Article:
An Inspire Pharmaceuticals Inc. shareholder filed a lawsuit claiming Merck & Co.’s $430 million offer for the company is inadequate.
Company directors breached their fiduciary duties by accepting a price that undervalues the company and agreeing to lock up the proposed transaction with deal protection devices, shareholder Anthony S. Luttenberger said in a complaint made public today in Delaware Chancery Court in Wilmington. The suit names both Inspire and Merck.
“These provisions substantially and improperly limit the board’s ability to act with respect to investigating and pursuing superior proposals and alternatives,” Luttenberger said in the complaint.
Merck, based in Whitehouse Station, New Jersey, said it will pay $5 a share for Inspire to expand its U.S. sales force to sell eye-disease products. The offer price represents a 26 percent premium to Inspire’s closing share price on April 4.
Inspire, based in Raleigh, North Carolina, makes Azasite, an antibiotic eye solution to fight bacterial infections. The company, which had $106 million in revenue last year, also receives royalties on sales of the prescription eye products Restasis and Elestat. The deal gives Merck a U.S. sales force for Saflutan, its glaucoma and ocular hypertension drug awaiting U.S. regulatory review.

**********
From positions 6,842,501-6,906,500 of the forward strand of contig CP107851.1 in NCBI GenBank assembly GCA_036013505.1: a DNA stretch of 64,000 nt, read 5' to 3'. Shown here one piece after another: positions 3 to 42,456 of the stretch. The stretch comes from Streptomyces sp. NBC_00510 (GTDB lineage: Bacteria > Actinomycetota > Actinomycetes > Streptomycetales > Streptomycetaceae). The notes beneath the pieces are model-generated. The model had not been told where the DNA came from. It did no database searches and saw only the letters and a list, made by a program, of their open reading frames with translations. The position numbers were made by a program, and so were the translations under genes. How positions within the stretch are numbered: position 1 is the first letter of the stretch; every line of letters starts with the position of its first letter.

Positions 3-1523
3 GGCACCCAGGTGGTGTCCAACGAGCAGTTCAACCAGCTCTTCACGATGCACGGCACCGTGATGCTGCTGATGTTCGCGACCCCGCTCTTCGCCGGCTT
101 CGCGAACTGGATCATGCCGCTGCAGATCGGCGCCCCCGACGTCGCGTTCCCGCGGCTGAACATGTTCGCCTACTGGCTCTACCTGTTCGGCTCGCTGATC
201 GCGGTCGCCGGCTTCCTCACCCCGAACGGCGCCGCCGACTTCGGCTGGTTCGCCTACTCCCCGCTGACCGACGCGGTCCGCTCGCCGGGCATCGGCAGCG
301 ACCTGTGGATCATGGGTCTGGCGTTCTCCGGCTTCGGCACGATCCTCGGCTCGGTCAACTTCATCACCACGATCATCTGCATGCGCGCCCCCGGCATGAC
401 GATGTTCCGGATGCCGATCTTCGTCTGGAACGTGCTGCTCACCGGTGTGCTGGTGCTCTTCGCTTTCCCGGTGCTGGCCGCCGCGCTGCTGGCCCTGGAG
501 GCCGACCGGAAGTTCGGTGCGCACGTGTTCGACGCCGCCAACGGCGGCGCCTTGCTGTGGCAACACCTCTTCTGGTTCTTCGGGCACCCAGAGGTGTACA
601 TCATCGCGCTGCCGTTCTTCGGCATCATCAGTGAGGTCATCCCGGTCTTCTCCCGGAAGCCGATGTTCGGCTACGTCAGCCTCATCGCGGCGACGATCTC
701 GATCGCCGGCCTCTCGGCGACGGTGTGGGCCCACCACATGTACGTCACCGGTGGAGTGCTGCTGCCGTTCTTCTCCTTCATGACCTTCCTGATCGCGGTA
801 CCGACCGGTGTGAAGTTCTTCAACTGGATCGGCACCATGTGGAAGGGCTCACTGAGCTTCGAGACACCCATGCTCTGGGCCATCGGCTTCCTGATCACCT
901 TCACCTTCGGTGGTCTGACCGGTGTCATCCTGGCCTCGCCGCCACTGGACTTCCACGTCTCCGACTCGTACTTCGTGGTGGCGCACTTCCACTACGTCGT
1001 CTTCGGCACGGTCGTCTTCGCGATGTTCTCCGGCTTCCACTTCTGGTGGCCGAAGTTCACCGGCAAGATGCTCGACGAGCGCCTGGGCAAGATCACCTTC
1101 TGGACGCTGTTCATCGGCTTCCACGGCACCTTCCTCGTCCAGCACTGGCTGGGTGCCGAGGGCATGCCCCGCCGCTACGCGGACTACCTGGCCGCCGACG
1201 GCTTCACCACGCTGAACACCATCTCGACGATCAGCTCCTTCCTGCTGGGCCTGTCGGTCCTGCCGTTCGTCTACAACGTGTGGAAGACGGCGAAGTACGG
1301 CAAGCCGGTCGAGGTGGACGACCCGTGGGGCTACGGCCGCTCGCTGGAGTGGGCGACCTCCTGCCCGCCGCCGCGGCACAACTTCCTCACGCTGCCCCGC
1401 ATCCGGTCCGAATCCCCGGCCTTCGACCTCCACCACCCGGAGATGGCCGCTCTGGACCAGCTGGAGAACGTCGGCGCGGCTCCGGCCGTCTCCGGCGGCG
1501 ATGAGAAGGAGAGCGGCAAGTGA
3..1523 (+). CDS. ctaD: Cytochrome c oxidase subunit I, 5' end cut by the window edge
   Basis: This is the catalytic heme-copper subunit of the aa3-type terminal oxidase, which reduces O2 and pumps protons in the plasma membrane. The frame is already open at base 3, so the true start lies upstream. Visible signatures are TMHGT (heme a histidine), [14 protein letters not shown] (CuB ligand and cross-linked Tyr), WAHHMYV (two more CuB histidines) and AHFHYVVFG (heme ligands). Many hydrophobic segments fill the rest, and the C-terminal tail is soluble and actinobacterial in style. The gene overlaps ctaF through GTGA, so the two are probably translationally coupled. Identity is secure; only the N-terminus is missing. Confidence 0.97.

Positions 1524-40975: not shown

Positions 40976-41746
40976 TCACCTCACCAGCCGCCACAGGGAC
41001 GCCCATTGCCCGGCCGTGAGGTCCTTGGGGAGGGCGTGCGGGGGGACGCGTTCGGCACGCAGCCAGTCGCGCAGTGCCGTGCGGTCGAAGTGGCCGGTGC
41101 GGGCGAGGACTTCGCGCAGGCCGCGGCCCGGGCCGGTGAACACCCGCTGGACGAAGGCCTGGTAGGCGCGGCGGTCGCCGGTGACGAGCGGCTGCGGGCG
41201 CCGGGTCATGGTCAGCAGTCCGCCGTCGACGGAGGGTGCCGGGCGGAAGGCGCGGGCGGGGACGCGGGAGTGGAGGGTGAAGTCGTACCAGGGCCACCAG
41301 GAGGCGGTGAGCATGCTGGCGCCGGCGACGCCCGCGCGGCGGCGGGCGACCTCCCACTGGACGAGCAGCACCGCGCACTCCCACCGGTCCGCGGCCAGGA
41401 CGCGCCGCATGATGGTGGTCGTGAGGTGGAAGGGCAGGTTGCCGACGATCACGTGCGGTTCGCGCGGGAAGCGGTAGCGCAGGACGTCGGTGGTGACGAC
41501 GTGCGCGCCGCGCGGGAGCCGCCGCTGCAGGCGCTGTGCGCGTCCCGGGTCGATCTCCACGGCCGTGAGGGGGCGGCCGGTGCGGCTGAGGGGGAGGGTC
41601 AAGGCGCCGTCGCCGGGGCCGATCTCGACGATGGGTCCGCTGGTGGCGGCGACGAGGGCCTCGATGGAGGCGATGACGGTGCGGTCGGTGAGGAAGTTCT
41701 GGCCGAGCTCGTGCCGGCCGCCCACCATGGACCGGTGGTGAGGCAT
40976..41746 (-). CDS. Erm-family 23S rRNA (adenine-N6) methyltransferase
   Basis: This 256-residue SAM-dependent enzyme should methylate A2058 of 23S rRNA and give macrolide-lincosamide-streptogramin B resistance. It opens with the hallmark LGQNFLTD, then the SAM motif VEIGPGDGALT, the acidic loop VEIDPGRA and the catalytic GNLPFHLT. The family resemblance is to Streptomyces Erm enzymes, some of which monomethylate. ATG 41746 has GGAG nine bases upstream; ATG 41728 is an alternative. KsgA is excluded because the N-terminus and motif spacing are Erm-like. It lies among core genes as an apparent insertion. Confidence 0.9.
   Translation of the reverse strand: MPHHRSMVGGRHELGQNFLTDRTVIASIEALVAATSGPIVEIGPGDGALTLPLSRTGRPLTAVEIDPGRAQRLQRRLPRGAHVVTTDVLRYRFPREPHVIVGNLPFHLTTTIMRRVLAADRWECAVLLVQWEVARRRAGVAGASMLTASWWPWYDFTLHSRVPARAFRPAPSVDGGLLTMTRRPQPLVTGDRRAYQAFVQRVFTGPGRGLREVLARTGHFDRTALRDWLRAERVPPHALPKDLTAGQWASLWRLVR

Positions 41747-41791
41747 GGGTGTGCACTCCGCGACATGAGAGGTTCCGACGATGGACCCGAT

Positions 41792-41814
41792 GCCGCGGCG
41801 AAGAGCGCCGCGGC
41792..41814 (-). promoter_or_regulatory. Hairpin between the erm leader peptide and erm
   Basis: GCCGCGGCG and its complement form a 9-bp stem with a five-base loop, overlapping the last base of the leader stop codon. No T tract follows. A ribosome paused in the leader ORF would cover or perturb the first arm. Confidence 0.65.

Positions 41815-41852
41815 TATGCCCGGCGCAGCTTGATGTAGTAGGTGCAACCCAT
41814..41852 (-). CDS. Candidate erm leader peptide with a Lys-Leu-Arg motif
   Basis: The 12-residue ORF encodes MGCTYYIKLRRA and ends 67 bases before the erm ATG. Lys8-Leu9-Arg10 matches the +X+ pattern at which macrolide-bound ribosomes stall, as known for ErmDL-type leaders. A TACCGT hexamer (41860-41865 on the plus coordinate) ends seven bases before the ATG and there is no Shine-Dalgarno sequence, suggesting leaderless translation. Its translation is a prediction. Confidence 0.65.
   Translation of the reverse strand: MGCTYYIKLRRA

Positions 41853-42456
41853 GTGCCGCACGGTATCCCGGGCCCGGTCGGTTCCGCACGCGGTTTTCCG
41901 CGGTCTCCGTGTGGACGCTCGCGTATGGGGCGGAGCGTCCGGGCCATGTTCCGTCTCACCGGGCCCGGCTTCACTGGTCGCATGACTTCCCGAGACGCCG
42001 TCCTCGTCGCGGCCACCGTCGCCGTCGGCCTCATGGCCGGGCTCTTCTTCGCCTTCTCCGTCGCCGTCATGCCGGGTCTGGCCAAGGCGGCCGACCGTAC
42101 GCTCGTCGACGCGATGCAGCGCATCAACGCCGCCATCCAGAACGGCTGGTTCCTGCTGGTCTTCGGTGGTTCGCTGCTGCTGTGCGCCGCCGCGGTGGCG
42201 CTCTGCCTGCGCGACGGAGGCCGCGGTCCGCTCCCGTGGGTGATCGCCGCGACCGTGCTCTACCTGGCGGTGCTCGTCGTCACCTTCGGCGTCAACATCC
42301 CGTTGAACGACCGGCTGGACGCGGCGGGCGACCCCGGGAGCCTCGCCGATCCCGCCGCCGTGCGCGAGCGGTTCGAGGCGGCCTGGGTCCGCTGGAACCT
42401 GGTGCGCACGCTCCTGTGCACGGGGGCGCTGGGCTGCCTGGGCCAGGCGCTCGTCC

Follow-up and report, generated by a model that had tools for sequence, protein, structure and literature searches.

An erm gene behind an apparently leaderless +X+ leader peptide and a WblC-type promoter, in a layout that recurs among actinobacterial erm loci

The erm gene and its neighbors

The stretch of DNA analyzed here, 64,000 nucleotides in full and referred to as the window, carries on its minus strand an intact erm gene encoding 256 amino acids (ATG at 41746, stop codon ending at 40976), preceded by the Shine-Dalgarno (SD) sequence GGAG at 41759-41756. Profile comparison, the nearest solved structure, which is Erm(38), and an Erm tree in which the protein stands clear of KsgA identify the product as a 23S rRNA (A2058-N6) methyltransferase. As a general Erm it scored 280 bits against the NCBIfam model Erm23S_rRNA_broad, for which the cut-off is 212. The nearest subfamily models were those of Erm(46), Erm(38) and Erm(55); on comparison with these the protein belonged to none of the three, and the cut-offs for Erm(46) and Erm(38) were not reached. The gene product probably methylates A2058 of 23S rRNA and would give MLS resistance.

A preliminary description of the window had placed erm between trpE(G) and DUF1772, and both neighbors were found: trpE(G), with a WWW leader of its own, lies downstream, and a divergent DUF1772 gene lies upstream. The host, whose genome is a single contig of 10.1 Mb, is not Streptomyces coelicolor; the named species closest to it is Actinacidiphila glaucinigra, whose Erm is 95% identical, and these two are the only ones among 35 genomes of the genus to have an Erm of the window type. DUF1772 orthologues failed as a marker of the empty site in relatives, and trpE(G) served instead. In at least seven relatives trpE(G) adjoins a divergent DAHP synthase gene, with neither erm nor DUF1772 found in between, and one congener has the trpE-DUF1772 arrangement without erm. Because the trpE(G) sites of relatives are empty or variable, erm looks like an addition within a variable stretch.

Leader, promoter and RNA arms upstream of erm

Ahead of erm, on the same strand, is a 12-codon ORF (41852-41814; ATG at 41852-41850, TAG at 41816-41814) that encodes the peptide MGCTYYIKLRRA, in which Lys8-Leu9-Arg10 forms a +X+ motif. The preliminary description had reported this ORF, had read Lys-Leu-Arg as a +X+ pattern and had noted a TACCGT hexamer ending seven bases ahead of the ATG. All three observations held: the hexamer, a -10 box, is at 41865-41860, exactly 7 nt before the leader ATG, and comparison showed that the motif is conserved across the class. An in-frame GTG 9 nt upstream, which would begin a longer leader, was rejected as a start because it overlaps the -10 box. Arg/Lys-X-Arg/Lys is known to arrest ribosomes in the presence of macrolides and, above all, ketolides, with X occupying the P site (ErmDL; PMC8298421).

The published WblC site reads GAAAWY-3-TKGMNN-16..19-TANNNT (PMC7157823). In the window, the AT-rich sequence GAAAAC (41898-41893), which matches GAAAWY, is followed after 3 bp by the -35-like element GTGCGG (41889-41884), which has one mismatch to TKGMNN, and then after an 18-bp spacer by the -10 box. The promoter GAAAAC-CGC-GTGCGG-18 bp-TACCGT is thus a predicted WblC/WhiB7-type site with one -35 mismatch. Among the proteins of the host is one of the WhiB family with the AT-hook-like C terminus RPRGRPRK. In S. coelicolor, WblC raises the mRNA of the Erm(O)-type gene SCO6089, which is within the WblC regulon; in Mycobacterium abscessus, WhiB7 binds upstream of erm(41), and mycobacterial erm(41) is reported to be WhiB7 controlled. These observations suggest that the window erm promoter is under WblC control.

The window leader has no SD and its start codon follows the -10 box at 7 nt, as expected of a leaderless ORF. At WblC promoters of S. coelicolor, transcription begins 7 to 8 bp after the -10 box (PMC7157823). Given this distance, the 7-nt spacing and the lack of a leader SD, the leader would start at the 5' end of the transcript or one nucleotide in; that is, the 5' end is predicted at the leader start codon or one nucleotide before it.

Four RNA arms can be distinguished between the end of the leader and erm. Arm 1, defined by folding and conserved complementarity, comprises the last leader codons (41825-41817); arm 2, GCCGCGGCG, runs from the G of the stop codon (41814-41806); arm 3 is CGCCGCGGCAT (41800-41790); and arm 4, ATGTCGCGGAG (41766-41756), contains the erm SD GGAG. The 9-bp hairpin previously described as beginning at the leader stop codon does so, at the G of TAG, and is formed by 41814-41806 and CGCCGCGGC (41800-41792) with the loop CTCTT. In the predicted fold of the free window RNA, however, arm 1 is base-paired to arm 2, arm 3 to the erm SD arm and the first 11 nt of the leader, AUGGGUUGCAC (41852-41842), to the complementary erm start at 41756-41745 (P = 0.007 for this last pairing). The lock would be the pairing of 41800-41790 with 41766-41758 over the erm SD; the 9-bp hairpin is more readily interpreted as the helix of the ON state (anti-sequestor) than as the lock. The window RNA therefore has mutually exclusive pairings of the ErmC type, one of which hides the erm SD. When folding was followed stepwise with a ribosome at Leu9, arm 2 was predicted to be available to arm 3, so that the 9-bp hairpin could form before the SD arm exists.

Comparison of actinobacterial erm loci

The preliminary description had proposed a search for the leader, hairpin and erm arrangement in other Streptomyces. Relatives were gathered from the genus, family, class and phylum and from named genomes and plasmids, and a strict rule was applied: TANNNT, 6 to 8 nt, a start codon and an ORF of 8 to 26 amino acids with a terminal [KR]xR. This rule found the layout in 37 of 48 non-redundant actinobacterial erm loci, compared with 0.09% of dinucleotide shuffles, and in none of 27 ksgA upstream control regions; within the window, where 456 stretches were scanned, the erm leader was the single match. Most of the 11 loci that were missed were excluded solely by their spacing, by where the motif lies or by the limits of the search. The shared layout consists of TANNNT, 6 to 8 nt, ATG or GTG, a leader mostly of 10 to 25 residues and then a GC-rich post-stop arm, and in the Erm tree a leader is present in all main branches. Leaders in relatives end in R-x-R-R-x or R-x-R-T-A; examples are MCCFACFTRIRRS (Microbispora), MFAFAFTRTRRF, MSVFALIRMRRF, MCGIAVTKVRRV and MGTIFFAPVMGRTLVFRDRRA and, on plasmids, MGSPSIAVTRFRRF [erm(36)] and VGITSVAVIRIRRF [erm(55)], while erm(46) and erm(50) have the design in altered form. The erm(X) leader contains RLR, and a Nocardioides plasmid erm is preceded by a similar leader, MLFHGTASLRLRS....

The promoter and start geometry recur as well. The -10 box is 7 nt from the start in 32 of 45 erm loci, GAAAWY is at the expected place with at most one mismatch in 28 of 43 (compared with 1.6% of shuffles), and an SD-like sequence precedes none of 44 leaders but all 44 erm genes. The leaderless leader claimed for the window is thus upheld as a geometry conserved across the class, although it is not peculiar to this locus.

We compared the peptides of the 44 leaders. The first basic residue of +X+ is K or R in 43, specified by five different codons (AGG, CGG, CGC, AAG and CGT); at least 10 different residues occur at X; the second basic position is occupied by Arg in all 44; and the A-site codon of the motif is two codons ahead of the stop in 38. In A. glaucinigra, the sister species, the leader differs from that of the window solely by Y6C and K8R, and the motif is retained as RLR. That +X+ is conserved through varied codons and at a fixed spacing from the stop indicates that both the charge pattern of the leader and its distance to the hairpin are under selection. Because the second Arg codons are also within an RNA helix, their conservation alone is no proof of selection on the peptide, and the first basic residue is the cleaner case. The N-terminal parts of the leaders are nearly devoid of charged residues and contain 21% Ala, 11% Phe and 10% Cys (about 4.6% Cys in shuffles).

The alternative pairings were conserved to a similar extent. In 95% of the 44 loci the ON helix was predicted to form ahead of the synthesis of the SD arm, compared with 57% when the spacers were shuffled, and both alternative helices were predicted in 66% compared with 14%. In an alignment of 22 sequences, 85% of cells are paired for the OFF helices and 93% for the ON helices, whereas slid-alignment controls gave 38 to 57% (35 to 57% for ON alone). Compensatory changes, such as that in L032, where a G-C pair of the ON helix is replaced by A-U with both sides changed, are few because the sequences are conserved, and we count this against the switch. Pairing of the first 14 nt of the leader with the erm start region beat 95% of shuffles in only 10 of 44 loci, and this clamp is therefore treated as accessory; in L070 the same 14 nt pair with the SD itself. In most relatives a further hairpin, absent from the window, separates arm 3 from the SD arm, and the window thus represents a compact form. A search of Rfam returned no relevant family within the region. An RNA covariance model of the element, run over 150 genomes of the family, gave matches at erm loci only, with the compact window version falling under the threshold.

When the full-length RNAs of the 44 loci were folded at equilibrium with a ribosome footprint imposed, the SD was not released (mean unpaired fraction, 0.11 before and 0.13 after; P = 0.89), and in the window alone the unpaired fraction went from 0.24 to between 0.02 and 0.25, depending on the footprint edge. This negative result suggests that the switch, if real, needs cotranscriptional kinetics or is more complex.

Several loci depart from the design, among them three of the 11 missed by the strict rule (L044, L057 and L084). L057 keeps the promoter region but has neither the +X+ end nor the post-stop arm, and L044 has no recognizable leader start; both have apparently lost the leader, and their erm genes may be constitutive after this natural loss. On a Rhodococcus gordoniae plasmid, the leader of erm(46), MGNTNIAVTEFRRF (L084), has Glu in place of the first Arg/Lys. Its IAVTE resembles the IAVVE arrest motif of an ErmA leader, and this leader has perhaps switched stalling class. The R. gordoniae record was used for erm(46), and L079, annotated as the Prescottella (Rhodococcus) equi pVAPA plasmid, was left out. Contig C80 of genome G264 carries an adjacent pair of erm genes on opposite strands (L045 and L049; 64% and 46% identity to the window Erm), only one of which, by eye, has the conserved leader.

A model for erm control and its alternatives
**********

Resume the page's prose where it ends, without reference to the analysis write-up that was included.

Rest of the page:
The deal includes provisions that prevent Inspire from soliciting potential acquirers and gives Merck with four business days to match any competing proposal. Inspire would have to pay Merck a $17 million termination fee if it accepts a superior proposal, lawyers for Luttenberger said in the complaint.
Merck spokesman Ian McConnell declined to comment. Cara Amoroso, a spokeswoman for Inspire, didn’t immediately return a phone call seeking comment.
Luttenberger is seeking to represent all Inspire shareholders in his request for a court order barring the deal and unspecified damages.
The case is Luttenberger v. Inspire Pharmaceuticals Inc., CA6363, Delaware Chancery Court (Wilmington).